NEW YORK – Stocks retreated Friday for the third straight day on fresh concerns about potential new banking and trading regulations.
The market is extending a decline that saw the Dow Jones industrial average post its biggest two-day drop since June.
Upbeat earnings from General Electric and McDonald's failed to dispel the new worries.
President Barack Obama spooked the market Thursday after asking Congress for limits on how large big banks can be and to end some of the risky trading large financial companies have used in recent quarters to boost profits.
The market could be re-entering a period of uncertainty that defined the financial crisis and sent it sharply lower nearly a year ago before its 10-month rally.
In morning trading, the Dow Jones industrial average fell 32.34, or 0.3 percent, to 10,357.54. The Standard & Poor's 500 index fell 3.16, or 0.3 percent, to 1,113.32, while the Nasdaq composite index declined 6.94, or 0.3 percent, to 2,258.76.
The Dow lost 213 points Thursday and has given up 336 points, or 3.1 percent, during the past two trading sessions. The losses have erased all the early gains seen in 2010.
Overseas, Asian markets overnight followed the U.S. sharply lower. European markets are also falling.
General Electric Co. reported fourth-quarter profit that beat analyst expectations. The conglomerate also said it is seeing an increase in orders and a growing backlog for products and services, signs that the economy is starting to improve.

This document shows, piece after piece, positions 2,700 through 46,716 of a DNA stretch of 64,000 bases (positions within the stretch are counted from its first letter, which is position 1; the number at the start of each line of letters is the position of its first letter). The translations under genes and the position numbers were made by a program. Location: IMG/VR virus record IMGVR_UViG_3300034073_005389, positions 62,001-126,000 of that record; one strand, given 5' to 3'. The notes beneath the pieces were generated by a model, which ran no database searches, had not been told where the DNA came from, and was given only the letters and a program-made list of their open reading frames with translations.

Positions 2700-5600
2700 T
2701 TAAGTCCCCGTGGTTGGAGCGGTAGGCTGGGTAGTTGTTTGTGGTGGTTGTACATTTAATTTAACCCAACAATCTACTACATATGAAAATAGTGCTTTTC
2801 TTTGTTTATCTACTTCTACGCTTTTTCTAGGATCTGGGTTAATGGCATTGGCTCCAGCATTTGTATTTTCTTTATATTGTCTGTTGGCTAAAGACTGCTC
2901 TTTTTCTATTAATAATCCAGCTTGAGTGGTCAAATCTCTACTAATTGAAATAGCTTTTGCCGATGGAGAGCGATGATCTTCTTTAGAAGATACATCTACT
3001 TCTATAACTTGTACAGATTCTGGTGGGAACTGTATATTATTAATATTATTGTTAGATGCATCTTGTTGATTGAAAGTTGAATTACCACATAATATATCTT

Fast-food chain McDonald's Corp. reported its sales and profit grew in the fourth quarter as its cheap fare drew in more customers looking for a deal.
In recent months, the Dow industrials would almost certainly be higher after two components of the index reported positive quarterly results. The market's 10-month rally have been fueled by growing signs of economic improvement such as better-than-expected quarterly earnings.
Internet giant Google Inc. also provided an upbeat sign for the economy, posting robust fourth-quarter earnings that easily topped analyst estimates. The results were driven by a pickup in Internet advertising, which could be a sign companies are feeling more confident the economy will recovery and opting to spend more to draw in customers.
However, Google shares fell in morning trading as its revenue growth only matched expectations.
Credit card lender American Express Co. also beat expectations after it set aside less money for defaulting loans. Default and delinquency rates both fell from the previous quarter, another encouraging sign for the economy.
High loan losses have plagued the financial sector and any declines in defaults would be a welcome sign that the consumer is starting to recover.
Large financial firms, including JPMorgan Chase & Co., Citigroup Inc. and Bank of America Corp. all plummeted Thursday. The three big banks, which have prominent consumer and investment banking operations, would likely be the hardest hit by Obama's new regulations. Shares of each all declined more than 5 percent.
Citigroup and JPMorgan were both modestly higher Friday, while shares of Bank of America declined.